The Coral Strand – Ravinder Randhawa

Defender Of The Realm (Defender Of The Realm #1) – Mark Huckerby and Nick Ostler

Strange Girls And Ordinary Women – Morgan McCarthy

The Samaritan (Carter Blake #2) – Mason Cross

Moving – Jenny Eclair

Enough Of This Shit Already – Tony Black

The Boy In The Dress – David Walliams

Jamaica Inn – Daphne du Maurier

Create Your Own Spy Mission – Andrew and Chris Judge

Charm For A Friend With A Lump – Helen Simpson

A Year Of Marvellous Ways – Sarah Winman

Noble Conflict – Malorie Blackman

The Girl On The Train – Paula Hawkins

The Inventory: Iron Fist (The Inventory #1) – Andy Briggs

Alfie Bloom And The Secrets Of Hexbridge Castle (Alfie Bloom #1) – Gabrielle Kent

Alfie Bloom And The Talisman Thief (Alfie Bloom #2) – Gabrielle Kent

Notes From The House Spirits – Lucy Wood

Our Endless Numbered Days – Claire Fuller

How I Finally Lost My Heart – Doris Lessing

The Bones Of You – Debbie Howells

According To Yes – Dawn French

The Borrowers – Mary Norton

Random Acts Of Unkindness – Jacqueline Ward

The Adventure Of The Speckled Band – Arthur Conan Doyle

Maggot Moon – Sally Gardner

Sweet Caress – William Boyd

The Girls – Lisa Jewell

The Oasis Of Time – Carolyn Waugh

Author Requests – Off Key by Mark Robertson, Piano From A 4th Storey Window by Jenny Morton Potts and The Death Of Danny Daggers by Haydn Wilks

The Love Song Of Miss Queenie Hennessy – Rachel Joyce

A Dictionary Of Mutual Understanding – Jackie Copleton

Garlic And Gauloises – Hemmie Martin

Looking For JJ (Jennifer Jones #1) – Anne Cassidy

If It Keeps On Raining – Jon McGregor

Reasons To Stay Alive – Matt Haig

Stranger Than We Can Imagine: Making Sense Of The Twentieth Century – John Higgs

The Lordly Ones – Daphne du Maurier

Roseblood – Paul Doherty

The Last Act Of Love – Cathy Rentzenbrink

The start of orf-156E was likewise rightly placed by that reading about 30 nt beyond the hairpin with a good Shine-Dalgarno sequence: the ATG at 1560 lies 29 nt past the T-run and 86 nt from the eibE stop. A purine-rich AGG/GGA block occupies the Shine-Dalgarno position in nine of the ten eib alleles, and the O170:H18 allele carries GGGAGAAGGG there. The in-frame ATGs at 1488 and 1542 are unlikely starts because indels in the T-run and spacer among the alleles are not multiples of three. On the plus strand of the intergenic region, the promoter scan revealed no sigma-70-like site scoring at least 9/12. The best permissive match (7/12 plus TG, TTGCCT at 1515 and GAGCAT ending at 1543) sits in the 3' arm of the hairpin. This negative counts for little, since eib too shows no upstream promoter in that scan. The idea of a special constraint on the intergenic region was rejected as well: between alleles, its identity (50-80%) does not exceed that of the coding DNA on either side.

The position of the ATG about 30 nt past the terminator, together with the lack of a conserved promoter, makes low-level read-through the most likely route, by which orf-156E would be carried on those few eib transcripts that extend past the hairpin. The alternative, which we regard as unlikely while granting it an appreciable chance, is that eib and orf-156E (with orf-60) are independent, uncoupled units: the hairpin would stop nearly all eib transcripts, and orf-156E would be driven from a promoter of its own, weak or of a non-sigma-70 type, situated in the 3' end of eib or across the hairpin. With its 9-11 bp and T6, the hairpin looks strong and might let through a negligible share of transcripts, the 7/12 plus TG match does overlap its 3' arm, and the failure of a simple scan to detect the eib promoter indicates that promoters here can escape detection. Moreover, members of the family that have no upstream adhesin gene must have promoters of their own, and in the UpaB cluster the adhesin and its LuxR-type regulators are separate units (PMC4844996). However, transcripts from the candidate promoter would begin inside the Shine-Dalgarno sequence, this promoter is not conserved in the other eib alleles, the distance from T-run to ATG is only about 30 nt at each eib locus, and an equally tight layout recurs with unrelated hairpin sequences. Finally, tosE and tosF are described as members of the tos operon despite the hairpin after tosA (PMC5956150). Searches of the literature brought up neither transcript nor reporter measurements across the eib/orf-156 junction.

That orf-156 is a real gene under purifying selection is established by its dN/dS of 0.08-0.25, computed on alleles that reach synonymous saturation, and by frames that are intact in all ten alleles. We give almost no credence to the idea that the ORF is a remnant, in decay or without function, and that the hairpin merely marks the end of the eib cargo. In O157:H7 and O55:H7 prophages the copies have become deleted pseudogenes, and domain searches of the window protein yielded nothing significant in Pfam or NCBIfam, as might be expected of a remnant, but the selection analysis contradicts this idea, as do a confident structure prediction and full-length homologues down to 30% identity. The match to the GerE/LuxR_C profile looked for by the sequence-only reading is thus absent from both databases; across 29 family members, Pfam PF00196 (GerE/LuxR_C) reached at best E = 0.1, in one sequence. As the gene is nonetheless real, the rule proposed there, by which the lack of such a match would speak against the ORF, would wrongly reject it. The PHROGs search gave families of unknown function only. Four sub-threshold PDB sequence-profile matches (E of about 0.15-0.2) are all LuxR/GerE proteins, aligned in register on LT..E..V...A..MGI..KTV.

Tiger Moth – Graham Joyce

The Widow – Fiona Barton

The Wolves Of Willoughby Chase – Joan Aiken

The Puppet Master – Abigail Osborne

Under My Skin – James Dawson

Red Letter Day – Kate Mosse

Missing, Presumed – Susie Steiner

Getting It Wrong – Ramsey Campbell

Disclaimer – Renée Knight

Ballet Shoes – Noel Streatfeild

Among Others – Jo Walton

Chinese Whispers – Ben Chu

The Last Leaves Falling – Fox Benwell

Hogmanay Homicide – Edward Marston

 The Loving Husband – Christobel Kent

The Boy Who Sailed The Ocean In An Armchair

So if I’ve calculated correctly, that makes it 72 books for the British Books Challenge this year. It isn’t as much as last year but I’ve still made the target of 12 books a year which I’m very happy with, especially as I haven’t had a great blogging year with a lot of illness. 😦

Highlights from this year include Disclaimer by Renee Knight which I will treasure as not only is it a fantastic book but I also managed to meet the lady herself at Crime At The Court (hosted by Goldsboro Books, London) with my blogger buddy Cleopatra Loves Books. She’s lovely and so very talented and I will probably read anything she ever writes! The Last Act Of Love was also a hugely important and emotional book for me and I loved reviewing it with my sister, Chrissi Reads in our little “Talking About” feature which we do on occasion. Other honourable mentions go to Reasons To Stay Alive by Matt Haig, Our Endless Numbered Days by Claire Fuller, Jamaica Inn by Daphne du Maurier, the Forbidden Spaces Trilogy by Helen Grant and the fabulous Emma Carroll who wrote the beautiful Frost Hollow Hall. I could go on and on. I’m certainly looking forward to reading some more “best of British” books in 2017! Look out for my sign up post coming soon.